Young women in hospitality
Thu 25 Jun Article 3mins
by Shona Clelland, cultural venues development manager, Assembly Rooms
The hospitality and tourism industry is one of the most successful sectors supported by a female-centric workforce.
The industry was strides ahead of the national average when gender pay gap data was published earlier this year, with the hourly pay for women an average of just 1% lower than men. This figure reflects what we already know – that many women thrive within this sector. But, despite positive headline figures, many organisations have acknowledged they have work to do, particularly regarding the representation of women in more senior roles.
Traditionally young people were not taught about the breadth of opportunities within the hospitality industry, and ‘working your way up’ wasn’t considered as a viable career option. But an industry can’t have new leaders if it doesn’t have new applicants. Much work has been done over the last 20 years to position hospitality as an attractive career choice in school through to higher education, and now travel and tourism is the 21st century’s fastest growing industry.
The industry differs from others in that, while there are far more women than men now entering the field, they are failing to progress to senior positions. Hospitality and travel certainly has no problem attracting women who make up 60% to 70% of female grads from hospitality management programmes but we see issues starting to arise in trying to convince women to stay.
We need to encourage those women who are coming into the hospitality industry with an eye on the business side – whether it be in hotels, restaurants or events. Recognising hospitality as a meritocratic sector, offering rapid career progression, financial reward and incredibly enjoyable work is instrumental to encouraging this change in the industry.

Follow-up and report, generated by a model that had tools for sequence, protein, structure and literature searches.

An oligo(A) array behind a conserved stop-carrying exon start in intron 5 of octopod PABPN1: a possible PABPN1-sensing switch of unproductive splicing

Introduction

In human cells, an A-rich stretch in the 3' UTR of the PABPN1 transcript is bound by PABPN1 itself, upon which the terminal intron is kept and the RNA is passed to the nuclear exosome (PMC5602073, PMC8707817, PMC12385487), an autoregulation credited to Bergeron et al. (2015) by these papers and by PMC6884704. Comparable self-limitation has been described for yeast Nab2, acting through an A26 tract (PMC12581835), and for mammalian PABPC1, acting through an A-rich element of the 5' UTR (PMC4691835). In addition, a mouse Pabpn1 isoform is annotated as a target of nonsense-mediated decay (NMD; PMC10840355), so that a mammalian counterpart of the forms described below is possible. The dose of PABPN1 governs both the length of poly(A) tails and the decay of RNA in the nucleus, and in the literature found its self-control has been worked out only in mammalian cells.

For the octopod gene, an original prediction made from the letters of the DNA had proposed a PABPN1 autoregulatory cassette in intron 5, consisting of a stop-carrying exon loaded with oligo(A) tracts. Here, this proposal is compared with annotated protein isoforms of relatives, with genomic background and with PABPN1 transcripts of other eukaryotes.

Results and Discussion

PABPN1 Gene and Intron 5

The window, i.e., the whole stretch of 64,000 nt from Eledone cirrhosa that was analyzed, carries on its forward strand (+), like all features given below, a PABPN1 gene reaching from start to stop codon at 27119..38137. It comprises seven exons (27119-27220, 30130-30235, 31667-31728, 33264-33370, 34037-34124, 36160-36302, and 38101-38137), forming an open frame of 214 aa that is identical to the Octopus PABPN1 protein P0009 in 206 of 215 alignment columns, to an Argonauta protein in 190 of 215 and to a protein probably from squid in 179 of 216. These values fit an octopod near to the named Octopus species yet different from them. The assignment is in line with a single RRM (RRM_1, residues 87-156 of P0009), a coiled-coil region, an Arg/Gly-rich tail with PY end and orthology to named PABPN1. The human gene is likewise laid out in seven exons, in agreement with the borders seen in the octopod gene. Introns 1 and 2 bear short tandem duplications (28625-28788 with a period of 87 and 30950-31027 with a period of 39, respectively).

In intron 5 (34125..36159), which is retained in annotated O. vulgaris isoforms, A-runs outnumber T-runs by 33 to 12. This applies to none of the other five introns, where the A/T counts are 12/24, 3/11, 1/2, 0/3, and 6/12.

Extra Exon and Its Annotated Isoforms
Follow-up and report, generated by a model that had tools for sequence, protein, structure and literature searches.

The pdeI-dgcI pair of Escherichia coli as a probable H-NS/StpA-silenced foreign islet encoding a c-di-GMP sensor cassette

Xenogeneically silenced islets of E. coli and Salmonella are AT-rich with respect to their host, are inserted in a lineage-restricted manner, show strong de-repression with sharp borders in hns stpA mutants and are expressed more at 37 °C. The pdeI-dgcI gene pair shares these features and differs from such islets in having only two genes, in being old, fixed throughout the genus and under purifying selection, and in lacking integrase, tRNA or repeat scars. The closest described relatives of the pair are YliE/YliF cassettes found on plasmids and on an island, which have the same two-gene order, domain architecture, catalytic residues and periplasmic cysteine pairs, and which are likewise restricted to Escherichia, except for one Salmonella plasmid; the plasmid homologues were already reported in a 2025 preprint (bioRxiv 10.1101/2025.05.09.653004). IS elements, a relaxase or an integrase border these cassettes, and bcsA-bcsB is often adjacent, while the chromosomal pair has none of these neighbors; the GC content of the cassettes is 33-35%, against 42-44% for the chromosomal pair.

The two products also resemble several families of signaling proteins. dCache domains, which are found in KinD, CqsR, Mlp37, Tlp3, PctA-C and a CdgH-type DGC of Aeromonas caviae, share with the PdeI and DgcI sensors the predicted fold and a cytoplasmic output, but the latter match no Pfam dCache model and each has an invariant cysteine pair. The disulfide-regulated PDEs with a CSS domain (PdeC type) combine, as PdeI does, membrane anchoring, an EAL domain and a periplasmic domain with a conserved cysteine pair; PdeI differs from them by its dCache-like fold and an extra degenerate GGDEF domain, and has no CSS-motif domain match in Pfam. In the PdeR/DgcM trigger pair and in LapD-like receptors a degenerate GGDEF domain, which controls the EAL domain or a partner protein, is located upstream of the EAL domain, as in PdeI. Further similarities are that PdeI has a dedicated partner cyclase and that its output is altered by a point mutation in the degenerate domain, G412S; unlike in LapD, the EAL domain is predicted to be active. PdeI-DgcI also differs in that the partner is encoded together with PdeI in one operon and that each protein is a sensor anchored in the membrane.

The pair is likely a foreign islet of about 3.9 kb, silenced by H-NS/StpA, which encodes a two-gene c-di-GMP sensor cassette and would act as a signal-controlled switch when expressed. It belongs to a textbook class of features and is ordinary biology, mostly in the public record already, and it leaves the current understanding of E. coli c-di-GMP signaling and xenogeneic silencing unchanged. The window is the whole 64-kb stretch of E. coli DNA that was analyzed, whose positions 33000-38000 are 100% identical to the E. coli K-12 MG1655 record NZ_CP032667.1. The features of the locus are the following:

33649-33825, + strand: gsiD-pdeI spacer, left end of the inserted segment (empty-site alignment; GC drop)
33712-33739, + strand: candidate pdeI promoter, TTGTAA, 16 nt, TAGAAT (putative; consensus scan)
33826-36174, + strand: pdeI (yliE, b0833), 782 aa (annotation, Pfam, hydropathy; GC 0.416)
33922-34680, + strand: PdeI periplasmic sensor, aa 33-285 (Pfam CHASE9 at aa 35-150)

As well as being a people-oriented industry, hospitality is creative. You are creating a product — be that food, drink, or an experience — and there's always scope to dream up new ways of making it more enjoyable for your customers.
It is well-known that a diverse workforce is a more productive, idea-generating workforce that fosters success. Every company should be striving to achieve that in 2018, creating valuable business opportunities and driving innovation.
Gender equality in the hospitality industry is something I feel passionately about supporting, which is why I’m involved in the Women in Tourism (WIT) movement. WIT was established in June 2015 by a small group of destination leaders who are all passionate about the Scottish tourism industry and recognise both the challenges and opportunities for women within the sector. I want to see us break down stereotypes and diminish unconscious bias, to ultimately take ownership of our own career development.
The founding principles of WIT are to inspire, motivate, encourage and support women across the sector while advocating for greater gender balance across leadership roles within industry.
While created in Scotland, the ambition is to deliver continued development and establish recognition as a global example of best practise, with the creation of international chapters. This will result in a global framework for mentoring, inspiring and developing future female tourism leaders.
Research shows there is worldwide scope for job opportunities for women within the industry and according to figures from the World Travel and Tourism Council, by 2019 there will be 275 million jobs in the hospitality sector which will be predominantly populated by women.
Canmore contains more than 320,000 records and 1.3 million catalogue entries for archaeological sites, buildings, industry and maritime heritage across Scotland. It is compiled and managed by Historic Environment Scotland. They have a section for Assembly Rooms Edinburgh and a catalogue of related images, architectural notes, plans and more to browse.